Rendezvous with BlueNote
“So, how did BlueNote start out? Did you face any difficulties while introducing such a new genre here?” I posed the first question of the afternoon.
“I met Saad only last December, when we got together to provide backing music for a Dutch singer in town called Danielle. Realizing he was good, I asked him if he'd be interested in doing something, replied Andrew. “I was home throughout December and January, and had vague plans for a classy sort of duo - perhaps attack the embassy circuit, the clubs and so on. We bought loads of sheet music, worked out a set, and began practicing seriously in February. We wanted to market this in a new way, hence the name BlueNote, which is an old jazz club in NYC. We've been lucky to get a number of bookings at various clubs and places, thanks to some amount of marketing with a logo, photo shoot and website; even before we started playing in public.”
“We've been rehearsing for the last 5 weeks, and as we are both fairly musical, a good chemistry has developed; anticipating each other and communicating through playing, The reactions were a bit bemused, but in Gulshan, there are many people who've spent time in the States and know this music, or perhaps know what it represents and want a piece of it. Even if they can't recognize the songs, they like the idea.” Saad added.
The music had now changed its pace, with the sax playing on a slightly lifted mood.
“The great American songbook, which is essentially the kind of music we play is basically comprised of tuneful melodies and witty lyrics.” Andrew guided me through the beats. “Many songs are from Broadway shows, mostly written between the '30s to '50s. The genre is familiarized with name like Gershwin, Irving Berlin, Cole Porter, and Duke Ellington. Many songs are originally written by Jews, performed by Blacks to a White audience. Currently, a Welsh-Brit/Bangla duo is bringing it to the Bangladeshis!”
Our laughter was drowned with the performance taking a more upbeat turn. Andrew's sax and Saad's piano were now humming playfully alongside soft drumbeats, which gave the musical a new different dimension.
“BlueNote supports the BNWLA Hostel Appeal (www.bnwlahostel.org) with proceeds from its performances,” Andrew continued. “I, personally collaborated with Ornob, who has a strong social conscience and we will be playing for the kids soon. This has been a better start to the campaign than I expected and we're fully supportive of the cause.”
“On a more personal note, how long have you been here? What do you do?” I asked.
“Ever since 1998; first in Rajshahi and then in Chittagong. I responded to a job offer and worked here, on and off as an education consultant ever since. As of now, I'm leading a team rewriting the textbooks that teachers here study on the B.Ed under the Bangladesh Ministry of Education. I feel at home here and I don't want to leave!” replied Andrew.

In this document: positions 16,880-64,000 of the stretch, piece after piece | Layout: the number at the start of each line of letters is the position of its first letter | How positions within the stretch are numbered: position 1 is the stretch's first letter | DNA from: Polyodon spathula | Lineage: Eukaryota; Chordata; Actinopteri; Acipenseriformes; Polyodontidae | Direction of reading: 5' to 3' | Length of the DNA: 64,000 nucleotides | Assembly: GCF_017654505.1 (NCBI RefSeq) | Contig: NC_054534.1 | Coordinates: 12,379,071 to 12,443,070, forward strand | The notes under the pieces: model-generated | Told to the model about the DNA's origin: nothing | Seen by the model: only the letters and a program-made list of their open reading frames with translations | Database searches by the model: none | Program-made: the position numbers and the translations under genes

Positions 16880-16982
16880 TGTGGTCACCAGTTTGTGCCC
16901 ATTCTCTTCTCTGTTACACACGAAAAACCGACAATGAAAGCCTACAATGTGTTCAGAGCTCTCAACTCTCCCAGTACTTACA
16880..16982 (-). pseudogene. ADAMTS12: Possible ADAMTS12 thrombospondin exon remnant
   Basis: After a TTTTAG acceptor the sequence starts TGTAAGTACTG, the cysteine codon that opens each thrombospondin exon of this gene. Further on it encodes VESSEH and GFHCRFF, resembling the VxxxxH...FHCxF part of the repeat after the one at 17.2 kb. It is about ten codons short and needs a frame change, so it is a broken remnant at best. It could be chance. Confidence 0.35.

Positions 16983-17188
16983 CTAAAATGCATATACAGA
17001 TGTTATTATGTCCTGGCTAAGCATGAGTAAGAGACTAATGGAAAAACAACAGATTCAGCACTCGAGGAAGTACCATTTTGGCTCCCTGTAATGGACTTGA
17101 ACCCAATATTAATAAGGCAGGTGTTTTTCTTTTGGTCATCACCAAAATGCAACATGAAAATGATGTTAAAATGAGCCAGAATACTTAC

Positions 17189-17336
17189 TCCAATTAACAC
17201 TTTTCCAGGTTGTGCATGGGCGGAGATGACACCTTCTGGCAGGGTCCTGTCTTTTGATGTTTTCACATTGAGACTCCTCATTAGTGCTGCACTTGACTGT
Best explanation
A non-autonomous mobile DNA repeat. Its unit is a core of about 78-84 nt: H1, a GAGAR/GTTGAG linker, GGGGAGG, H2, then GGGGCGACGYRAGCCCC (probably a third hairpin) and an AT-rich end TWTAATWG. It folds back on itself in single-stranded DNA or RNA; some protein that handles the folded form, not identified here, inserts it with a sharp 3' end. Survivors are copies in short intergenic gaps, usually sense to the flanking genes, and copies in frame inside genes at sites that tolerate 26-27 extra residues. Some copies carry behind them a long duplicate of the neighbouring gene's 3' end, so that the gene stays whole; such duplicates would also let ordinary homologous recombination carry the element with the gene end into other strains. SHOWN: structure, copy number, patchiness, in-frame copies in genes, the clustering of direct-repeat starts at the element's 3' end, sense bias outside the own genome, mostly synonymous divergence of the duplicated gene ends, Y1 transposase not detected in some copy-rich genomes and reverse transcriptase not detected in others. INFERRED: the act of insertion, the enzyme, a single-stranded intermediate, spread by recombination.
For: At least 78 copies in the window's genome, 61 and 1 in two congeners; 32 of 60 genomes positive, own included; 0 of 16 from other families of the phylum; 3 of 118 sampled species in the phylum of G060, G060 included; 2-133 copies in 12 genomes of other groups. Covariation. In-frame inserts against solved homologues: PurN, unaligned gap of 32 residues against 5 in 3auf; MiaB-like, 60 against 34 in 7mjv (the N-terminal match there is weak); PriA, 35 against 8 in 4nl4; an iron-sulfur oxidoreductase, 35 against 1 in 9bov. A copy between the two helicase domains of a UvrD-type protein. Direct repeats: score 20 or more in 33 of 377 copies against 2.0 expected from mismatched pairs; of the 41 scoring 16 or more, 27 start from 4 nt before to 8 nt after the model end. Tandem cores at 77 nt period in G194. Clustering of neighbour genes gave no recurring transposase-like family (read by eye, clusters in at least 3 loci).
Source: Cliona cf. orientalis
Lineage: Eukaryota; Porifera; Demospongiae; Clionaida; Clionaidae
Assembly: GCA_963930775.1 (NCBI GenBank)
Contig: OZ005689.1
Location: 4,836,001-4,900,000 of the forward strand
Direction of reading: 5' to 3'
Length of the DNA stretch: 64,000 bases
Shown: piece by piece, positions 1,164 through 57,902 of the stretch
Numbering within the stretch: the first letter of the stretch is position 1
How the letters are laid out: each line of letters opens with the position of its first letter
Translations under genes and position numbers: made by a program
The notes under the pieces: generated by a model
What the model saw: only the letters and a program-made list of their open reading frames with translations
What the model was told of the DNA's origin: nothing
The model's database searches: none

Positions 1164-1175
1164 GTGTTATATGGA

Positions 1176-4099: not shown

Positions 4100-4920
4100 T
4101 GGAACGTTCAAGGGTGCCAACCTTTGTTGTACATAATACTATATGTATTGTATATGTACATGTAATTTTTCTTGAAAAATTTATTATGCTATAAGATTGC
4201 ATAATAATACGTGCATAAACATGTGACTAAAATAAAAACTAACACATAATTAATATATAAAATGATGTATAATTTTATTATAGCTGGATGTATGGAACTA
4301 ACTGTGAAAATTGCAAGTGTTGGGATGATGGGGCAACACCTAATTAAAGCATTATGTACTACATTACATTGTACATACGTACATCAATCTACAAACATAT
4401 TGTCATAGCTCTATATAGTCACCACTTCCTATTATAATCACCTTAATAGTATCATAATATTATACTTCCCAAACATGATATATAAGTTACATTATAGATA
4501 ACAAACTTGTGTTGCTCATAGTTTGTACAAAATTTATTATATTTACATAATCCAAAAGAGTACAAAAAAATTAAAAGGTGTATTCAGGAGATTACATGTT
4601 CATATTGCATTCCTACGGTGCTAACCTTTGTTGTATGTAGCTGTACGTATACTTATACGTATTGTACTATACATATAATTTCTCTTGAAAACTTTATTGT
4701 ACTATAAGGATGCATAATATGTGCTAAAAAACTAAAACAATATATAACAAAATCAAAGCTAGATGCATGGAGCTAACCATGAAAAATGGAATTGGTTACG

“I'm 23 and my dad is Bangladeshi while Mum is British. I teach piano and play for a couple of choirs,” answered Saad.
These very talented musicians curtained the session with Pink Panther. Their music was exciting and soothing at the same time. For me, BlueNote has been a wonderful, refreshing experience. I love their energy and passion towards what they were playing. BlueNote is up live tonight at Le Saigon, and I can't wait to listen to more of their sensuous performances.
For more on BlueNote, visit: http://www.bluenotesound.blogspot.com/
By Sabhanaz Rashid Diya
A young man orphaned, early twenties and average.
This particular young man, Whose Name Shall Not Be Mentioned (or, WNSNBM), was driving a car. How he came to be driving a car is not an important question. Where he was driving the car, is. Where was he driving the car, then?
He was driving the car on a hilly area. It was, indeed, very… very hilly. One wrong turn and one's existentiality can be questioned. Another very important question arises Why was he driving the car on that hilly area?
One must take into considering WNSNBM's persona. He was average. And about that there was, and there should be, no doubt. He was average looking with an average hairstyle and an average personality, and average intellect, with average strength you get the point. He was average. He was so average, that he could very well not only be mistaken to be the personification of Average, but he could also give the personification of Average a run for… well, a run for his averageness. And this is who, and what, WNSNBM is.
He was, averagely, sick and tired of his average life. So, he went to a very nonaverage shrink. This shrink was not at all in a good mood when they met. The reason was that this shrink was yelled at by his usually high-strung wife to take a hike, or better yet, take a ride along a hilly area and hopefully fall off a very steep cliff. And so, it came to be that the shrink vented his anger and/or frustration upon poor average WNSNBM. This is what was said by the shrink: